I know this is about 847 years late, but better late than never, right? Or something. As I reported a while back, Tel Aviv chose to participate in Earth Hour where all lights in the city were going to be turned off.
As opposed to the rest of the world cities that participated on Saturday, Tel Aviv actually moved it’s Earth Hour to Thursday because of problems that could arise with Shabbat and to make sure it was effective. At 8 pm, lights in Tel Aviv went out. It was completely dark. Not a light in the city. You couldn’t see your hand in front of your face. Even if you slapped your face. You’d wonder where the slap came from.
OK, so I’m slightly exaggerating, but the truth is that Earth Hour in Tel Aviv was a big success. Lights were turned off in almost all the major buildings (i.e. Azrielli and the Iriya) and literally thousands upon thousands of businesses and citizens turned their lights off between 8 and 9 pm.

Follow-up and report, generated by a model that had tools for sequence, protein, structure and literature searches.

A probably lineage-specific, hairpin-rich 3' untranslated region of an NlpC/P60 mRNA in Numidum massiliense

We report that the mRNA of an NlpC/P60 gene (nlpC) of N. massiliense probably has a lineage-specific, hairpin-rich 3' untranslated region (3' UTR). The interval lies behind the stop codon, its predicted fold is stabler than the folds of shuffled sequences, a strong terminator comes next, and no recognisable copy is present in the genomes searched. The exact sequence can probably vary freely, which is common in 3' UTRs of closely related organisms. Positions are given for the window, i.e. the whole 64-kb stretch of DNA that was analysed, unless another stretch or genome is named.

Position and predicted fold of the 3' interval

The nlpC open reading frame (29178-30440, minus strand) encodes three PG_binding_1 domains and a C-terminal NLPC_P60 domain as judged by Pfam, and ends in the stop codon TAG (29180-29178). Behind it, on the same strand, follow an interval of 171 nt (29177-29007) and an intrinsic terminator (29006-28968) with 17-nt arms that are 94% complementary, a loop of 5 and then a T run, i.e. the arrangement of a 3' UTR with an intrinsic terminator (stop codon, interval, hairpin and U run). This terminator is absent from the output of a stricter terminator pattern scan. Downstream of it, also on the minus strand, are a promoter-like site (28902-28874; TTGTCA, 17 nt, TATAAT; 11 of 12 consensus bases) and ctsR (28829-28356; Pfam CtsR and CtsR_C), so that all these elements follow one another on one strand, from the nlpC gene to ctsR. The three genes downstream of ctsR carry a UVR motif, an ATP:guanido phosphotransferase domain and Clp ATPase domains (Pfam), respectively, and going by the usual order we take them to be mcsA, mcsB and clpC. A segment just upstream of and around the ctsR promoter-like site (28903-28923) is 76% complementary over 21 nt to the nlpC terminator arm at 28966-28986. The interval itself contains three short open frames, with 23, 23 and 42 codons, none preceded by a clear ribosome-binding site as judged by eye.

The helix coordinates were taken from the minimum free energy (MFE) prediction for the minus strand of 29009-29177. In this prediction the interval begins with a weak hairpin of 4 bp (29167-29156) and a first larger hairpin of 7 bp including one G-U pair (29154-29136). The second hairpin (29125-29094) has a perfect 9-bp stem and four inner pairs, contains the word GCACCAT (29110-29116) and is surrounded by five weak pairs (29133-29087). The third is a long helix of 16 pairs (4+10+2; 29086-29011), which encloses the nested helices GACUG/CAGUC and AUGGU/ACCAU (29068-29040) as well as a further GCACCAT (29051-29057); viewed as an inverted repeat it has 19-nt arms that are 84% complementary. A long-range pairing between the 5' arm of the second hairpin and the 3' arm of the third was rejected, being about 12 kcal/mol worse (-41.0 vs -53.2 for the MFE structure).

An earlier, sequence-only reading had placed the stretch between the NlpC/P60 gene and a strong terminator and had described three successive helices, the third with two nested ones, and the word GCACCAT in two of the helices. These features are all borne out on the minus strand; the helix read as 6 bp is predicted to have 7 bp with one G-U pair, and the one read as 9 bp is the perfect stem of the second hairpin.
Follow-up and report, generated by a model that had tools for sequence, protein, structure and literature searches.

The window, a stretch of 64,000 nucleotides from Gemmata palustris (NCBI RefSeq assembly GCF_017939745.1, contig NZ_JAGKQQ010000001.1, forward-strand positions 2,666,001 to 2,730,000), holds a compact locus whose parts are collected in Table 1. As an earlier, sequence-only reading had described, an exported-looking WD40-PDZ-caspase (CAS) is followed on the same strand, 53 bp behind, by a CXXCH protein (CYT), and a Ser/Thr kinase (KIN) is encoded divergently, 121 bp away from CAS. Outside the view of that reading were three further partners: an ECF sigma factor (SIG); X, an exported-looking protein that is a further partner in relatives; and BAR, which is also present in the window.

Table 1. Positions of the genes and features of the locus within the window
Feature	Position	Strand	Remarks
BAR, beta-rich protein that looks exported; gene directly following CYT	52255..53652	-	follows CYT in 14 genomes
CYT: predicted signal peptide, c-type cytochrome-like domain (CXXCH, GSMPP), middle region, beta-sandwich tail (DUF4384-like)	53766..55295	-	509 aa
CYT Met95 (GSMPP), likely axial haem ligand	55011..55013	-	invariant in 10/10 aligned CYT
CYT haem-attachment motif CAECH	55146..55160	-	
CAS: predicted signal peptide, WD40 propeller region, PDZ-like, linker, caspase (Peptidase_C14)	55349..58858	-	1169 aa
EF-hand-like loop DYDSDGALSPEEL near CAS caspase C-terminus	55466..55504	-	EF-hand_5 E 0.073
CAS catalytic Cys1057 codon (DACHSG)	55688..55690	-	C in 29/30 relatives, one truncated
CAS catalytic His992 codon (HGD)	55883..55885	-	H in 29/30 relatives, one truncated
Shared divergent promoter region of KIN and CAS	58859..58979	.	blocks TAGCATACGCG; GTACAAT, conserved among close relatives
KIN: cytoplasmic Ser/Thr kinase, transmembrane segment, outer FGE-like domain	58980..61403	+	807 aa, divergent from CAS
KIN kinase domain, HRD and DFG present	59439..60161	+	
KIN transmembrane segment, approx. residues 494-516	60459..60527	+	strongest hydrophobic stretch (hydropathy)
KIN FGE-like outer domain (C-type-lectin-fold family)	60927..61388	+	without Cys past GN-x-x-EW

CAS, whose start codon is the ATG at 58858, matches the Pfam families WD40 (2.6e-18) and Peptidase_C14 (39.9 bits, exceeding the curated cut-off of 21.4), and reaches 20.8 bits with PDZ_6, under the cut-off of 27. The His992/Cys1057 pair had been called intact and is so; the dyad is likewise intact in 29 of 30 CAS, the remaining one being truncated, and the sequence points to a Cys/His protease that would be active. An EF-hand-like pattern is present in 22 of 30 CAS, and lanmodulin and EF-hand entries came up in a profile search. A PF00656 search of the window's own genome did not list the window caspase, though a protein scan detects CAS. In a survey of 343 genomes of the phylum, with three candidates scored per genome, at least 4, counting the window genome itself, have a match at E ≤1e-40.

Even at Channel 10 we did our part (sorta). At the top of the 8 o’clock newscast (which begins at 7:58 – don’t ask), Miki, the anchorwoman, ordered our lights out. It’s a cool concept, but we couldn’t see the line ups, so we had tons of mistakes during the newscast.
Not really, it went well, actually, and we had enough lights from the monitors. I personally suggested we do the entire newscast without electricity, but for some reason no one else thought it was a good idea.
So one after the other, lights went out in the city – an approximate equivalent of 700,000 (!!!) light bulbs were turned off, bringing total wattage saved in Tel Aviv, after all calculations of regular drops in electricity etc. to over 20 megawatts – the same as Sydney last year. FYI – 20 megawatts is equal the gas emissions of 40,000 cars a day (!!!).
In Kikar Rabin, some 40,000 people gathered to see the lights of the Iriya turned off by the Tel Aviv Mayor Ron Huldai, and to hear an acoustic version of Knesiat Hasechel’s music.
Only the first row could hear.
Not really – the concert was powered by a bicycle generator and used vegetable oil, namely falafel oil (I’m not kidding on either counts).
By the way, the reason you see some lights on in the building is because 1) some people are idiots and forgot to turn off their lights regardless, and 2) those are mostly hi tech companies, and many people were, most likely, still working.
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